Dow Chemical Co. will enter the solar market in 2011 with its building-integrated photovoltaic (BIPV) Powerhouse Solar Shingles. Over the past few months the company has made numerous announcements regarding the flexible shingles as it prepares them for the market.
The shingles are designed to be installed by roofers and use minimal interconnections, making them easier to integrate into a homeowner’s power supply.
To make the photovoltaic shingles, Dow uses copper indium gallium diselenide solar (CIGS) cells developed by Global Solar Energy Inc., then coats them in proprietary Dow plastics allowing the thin-film cells to remain flexible.
“We are their CIGS provider of choice. That is how the relationship is moving forward,” said Erin Del Llano, a spokesperson for Global Solar.
Global Solar is primarily focused on developing the cells, Del Llano said.
“What comes out of the Global Solar plant are the cells,” she said.
Other than that the company makes some modules, mainly foldable modules suitable for military applications like remote charging stations. The company also is integrating its modules into flexible roofing for commercial buildings, whereas Dow is focused on the residential market with its Powerhouse products, she said.
While Dow has not specified the efficiency of its Powerhouse products, Global Solar said its commercial modules are 12.6 percent efficient, making them less efficient than commercial crystalline silicon panels, but capable of producing 50 percent more energy and power than current amorphous silicon modules, the company said.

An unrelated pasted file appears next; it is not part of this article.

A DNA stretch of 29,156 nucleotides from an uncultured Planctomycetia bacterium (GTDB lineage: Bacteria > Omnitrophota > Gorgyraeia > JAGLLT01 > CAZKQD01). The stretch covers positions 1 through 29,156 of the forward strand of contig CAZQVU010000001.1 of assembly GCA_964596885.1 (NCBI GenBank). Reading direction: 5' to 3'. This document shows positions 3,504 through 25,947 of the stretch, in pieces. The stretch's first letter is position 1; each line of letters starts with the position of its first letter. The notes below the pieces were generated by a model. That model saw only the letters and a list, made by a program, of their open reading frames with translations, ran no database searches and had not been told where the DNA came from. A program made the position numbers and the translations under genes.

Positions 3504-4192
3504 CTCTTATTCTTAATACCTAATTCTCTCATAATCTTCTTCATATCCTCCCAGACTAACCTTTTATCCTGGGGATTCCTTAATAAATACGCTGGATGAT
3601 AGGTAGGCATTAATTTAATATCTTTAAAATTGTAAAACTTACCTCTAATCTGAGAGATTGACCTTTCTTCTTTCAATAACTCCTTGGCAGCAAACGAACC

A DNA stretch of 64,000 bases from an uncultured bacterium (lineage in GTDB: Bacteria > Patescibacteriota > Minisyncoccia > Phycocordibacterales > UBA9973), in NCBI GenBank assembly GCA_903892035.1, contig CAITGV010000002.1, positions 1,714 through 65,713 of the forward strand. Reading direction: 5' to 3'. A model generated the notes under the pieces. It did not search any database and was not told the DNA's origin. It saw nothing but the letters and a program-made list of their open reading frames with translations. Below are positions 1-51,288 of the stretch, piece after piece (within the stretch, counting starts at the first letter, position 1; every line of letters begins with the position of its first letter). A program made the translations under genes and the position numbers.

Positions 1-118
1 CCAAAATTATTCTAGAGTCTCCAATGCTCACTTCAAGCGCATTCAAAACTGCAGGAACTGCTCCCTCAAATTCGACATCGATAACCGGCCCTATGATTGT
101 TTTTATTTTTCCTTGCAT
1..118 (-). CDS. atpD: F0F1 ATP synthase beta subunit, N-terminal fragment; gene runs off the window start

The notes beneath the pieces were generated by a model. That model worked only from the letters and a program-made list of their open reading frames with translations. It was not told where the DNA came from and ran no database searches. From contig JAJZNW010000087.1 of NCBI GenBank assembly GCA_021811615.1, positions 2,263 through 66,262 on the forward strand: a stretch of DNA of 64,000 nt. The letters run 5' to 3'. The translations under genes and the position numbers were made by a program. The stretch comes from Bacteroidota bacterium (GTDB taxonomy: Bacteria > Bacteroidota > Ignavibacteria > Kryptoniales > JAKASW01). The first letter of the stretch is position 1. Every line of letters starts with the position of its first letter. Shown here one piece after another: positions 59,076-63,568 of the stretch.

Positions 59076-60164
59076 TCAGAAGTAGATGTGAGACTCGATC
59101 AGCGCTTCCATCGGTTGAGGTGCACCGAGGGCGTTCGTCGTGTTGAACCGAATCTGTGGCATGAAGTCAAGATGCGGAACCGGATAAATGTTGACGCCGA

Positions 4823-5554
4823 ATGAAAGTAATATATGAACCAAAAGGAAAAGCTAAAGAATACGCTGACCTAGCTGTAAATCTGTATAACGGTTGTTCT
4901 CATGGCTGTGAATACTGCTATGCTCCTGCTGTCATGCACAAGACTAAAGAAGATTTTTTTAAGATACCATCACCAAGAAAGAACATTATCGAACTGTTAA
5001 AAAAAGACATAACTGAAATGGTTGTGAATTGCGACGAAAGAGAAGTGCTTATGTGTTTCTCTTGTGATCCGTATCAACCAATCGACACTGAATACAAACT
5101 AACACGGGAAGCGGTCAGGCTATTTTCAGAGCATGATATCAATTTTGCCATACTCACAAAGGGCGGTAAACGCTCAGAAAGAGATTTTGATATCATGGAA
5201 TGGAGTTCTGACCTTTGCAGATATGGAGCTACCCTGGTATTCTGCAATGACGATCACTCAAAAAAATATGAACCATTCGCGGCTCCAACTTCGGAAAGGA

Dow has suggested that a $6,000 installation could provide about half an average U.S. home’s electricity. The cost includes the 30 percent federal rebate and state incentives, according to Reuters.
Dow has started producing shingles in expectation of launching them in 2011. In September 2010, the company announced, “The creation of 100 new, full-time jobs to support the development of its revolutionary Dow Powerhouse Solar Shingles at its facility in Midland, Michigan.”
In November, the company announced that it had received approval for the modules from Underwriters Laboratories (UL), further showing that the modules are readying for the market.
In a press release announcing UL certification, Dow Solar Vice President, Jane Palmieri said, “This represents a significant milestone toward bringing our Dow Powerhouse Solar Shingles to the market in 2011, and confirms that we are on track to deliver this pioneering new residential solar technology next year."
Image courtesy of Dow Chemicals Corp.of its Powerhouse Solar Shingles.